So there is a very legitimate argument that the status quo was wrong, but the unilateralist, tariff-first alternative, or the idea that we were just not going to let them into the WTO seems pretty wrong-headed.
KRISTOL: And on China, of course, it’s a complicated story. They’re a big rival of ours and a trading partner. I suppose there are other ways we could be tough on China without disrupting mutually beneficial trade.
LINCICOME: That’s definitely the case. There is a right way and a wrong way to deal with China and it seems that we’re for the most part going the wrong way when it comes to tariffs. So tariffs, of course, first of all hurt American consumers. They hurt American companies. The way that they’ve been implemented has been so erratic and quick that it’s really just causing American companies to all of a sudden just simply have to pay more. You can’t rejigger a global supply chain in a week.
But there is a right way. So I already mentioned one prong is a more aggressive dispute settlement at the WTO. More aggressive use of the rules that are in place, both the core rules and the WTO-plus rules that the United States and others countries negotiated when China acceded.
Beyond that though, there is an agreement out there that was created precisely for the purpose of creating an Asia-Pacific counterbalance and that’s the Trans-Pacific Partnership.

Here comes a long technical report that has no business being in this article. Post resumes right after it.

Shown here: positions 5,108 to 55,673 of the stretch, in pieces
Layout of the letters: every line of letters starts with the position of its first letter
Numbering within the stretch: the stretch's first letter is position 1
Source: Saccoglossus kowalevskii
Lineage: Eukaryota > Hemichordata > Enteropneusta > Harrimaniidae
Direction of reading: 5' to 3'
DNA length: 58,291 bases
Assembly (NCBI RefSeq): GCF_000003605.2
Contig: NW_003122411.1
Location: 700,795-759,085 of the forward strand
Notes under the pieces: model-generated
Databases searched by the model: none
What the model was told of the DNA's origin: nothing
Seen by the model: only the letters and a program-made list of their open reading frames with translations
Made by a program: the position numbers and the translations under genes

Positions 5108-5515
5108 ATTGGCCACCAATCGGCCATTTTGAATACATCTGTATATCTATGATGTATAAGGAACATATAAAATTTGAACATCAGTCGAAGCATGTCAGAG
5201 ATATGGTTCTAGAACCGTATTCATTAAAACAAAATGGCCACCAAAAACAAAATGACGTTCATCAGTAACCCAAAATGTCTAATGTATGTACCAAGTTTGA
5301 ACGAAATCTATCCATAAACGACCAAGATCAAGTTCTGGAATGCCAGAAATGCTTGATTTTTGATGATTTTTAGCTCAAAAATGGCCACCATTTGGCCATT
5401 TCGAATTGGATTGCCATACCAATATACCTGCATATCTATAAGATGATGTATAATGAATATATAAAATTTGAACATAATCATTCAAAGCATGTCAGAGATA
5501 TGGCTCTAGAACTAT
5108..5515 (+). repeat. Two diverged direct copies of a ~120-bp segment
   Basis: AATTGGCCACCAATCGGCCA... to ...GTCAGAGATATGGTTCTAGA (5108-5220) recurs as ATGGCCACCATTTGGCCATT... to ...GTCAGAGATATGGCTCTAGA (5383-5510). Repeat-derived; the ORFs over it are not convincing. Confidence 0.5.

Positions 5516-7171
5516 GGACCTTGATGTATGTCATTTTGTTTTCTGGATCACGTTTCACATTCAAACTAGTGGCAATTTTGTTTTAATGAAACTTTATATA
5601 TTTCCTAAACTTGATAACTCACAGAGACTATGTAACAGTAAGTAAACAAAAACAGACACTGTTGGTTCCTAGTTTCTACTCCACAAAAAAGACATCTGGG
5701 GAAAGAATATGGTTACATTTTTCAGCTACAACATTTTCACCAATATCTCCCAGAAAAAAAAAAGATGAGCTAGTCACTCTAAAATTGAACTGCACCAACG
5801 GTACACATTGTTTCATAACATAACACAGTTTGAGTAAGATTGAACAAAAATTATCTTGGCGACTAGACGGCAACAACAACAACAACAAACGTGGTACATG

KRISTOL: Let’s talk about that. Was that so important? I think the geopolitical side of this. I mean people want to be tough on China, but the single toughest, I would argue, probably thing we had going against China was an agreement with many of China’s neighbors that China was not part of.
LINCICOME: Right. And a tremendous sigh of relief was heard from Beijing the day that President Trump withdrew from TPP. Because it was – of course there were economic benefits, but it was intended to serve as a really important counterbalance in the region. I don’t think Americans quite realize just how influential China is in that region for no other reason than proximity and population. So there are, of course, tons of Chinese tourists, and simply geography is going to cause there to be a lot of business transacted between all of these countries. You go to a place like Korea, for example, and the two languages spoken there are Korean and Chinese, not Korean and American.